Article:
According to many individuals, pollutants and pathogens are different causes of diseases. However, modern research shows that these can interact to alter the response of animals and people to contagious diseases.
Environmental pollutants seem to weaken the immune system, increase pathogen virulence, and reduce vaccine efficacy, as stated in an article in Chemical & Engineering News (C&EN), the weekly newsmagazine of the American Chemical Society.
In the past two decades, scientists have shown that mice were more prone to influenza virus when exposed to low levels of a dioxin known as 2,3,7,8-tetrachlorodibenzo-p-dioxin. Since then, many studies have proposed that other chemicals, like mercury, perfluorooctanoic acid, and arsenic, also have the potential to change immune responses and reduce the resistance of animals to infectious diseases.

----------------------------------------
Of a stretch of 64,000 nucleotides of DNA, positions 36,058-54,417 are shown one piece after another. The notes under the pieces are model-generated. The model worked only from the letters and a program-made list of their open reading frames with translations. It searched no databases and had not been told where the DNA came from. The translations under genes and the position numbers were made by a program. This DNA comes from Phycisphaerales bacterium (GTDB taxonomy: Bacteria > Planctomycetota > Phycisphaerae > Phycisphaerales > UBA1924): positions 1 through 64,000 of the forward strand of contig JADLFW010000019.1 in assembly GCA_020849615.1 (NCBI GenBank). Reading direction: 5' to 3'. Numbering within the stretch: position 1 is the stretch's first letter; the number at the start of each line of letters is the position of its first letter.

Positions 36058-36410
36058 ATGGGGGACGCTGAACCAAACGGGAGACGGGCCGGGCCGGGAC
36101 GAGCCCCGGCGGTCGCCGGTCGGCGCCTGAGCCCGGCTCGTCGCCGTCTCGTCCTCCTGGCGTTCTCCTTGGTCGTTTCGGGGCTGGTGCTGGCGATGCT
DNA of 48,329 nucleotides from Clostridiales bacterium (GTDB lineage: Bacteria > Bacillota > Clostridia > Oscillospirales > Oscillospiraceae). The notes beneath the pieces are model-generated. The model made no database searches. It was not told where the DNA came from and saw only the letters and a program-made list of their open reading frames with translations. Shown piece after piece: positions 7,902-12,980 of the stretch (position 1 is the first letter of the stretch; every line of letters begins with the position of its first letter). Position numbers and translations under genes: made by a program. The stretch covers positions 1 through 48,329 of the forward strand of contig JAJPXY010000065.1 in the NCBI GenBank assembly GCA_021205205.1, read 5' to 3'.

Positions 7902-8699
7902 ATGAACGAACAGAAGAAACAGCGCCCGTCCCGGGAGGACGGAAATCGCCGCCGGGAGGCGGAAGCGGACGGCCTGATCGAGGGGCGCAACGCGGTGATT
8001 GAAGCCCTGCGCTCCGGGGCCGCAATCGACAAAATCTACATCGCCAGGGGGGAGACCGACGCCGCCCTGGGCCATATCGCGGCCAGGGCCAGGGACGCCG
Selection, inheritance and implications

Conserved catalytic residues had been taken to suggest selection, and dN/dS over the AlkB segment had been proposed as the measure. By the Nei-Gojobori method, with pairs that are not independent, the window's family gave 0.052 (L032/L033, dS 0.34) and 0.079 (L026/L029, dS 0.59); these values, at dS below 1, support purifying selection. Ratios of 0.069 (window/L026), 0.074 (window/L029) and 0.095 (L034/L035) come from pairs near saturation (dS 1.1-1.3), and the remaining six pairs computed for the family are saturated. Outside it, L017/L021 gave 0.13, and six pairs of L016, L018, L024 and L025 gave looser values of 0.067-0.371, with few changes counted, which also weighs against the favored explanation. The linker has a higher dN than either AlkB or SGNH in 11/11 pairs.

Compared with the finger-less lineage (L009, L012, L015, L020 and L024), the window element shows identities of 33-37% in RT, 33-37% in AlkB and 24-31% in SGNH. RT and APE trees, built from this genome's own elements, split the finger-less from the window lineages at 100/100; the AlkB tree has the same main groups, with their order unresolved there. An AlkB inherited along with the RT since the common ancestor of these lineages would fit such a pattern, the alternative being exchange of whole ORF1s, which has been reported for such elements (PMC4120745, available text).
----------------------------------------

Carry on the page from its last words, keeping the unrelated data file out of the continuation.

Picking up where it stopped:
In addition, epidemiological studies in humans have associated exposure of chemical in the womb with a child’s increased risk of epidemic disease. Senior Editor Britt E. Erickson has written that only currently, however, researchers have started to reveal how this occurs.
Compounds such as per- and polyfluoroalkyl substances (PFAS) are extensively used in everyday goods, such as nonstick products, food packaging, and cleaners. Scientists have associated the increased concentrations of some PFAS in the blood of mothers with decreased responses to vaccinations and more illnesses in their children.
Likewise, exposure to arsenic in the womb has been associated with reduced levels of antibodies against diphtheria in immunized Bangladeshi children. Experimental evidence also suggests that a few chemicals, like lead or zinc, can possibly contribute to the increase of multidrug-resistant strains of methicillin-resistant Staphylococcus aureus (MRSA). Erickson has written that such interactions are complicated and will need further interdisciplinary research in infectious disease and environmental health.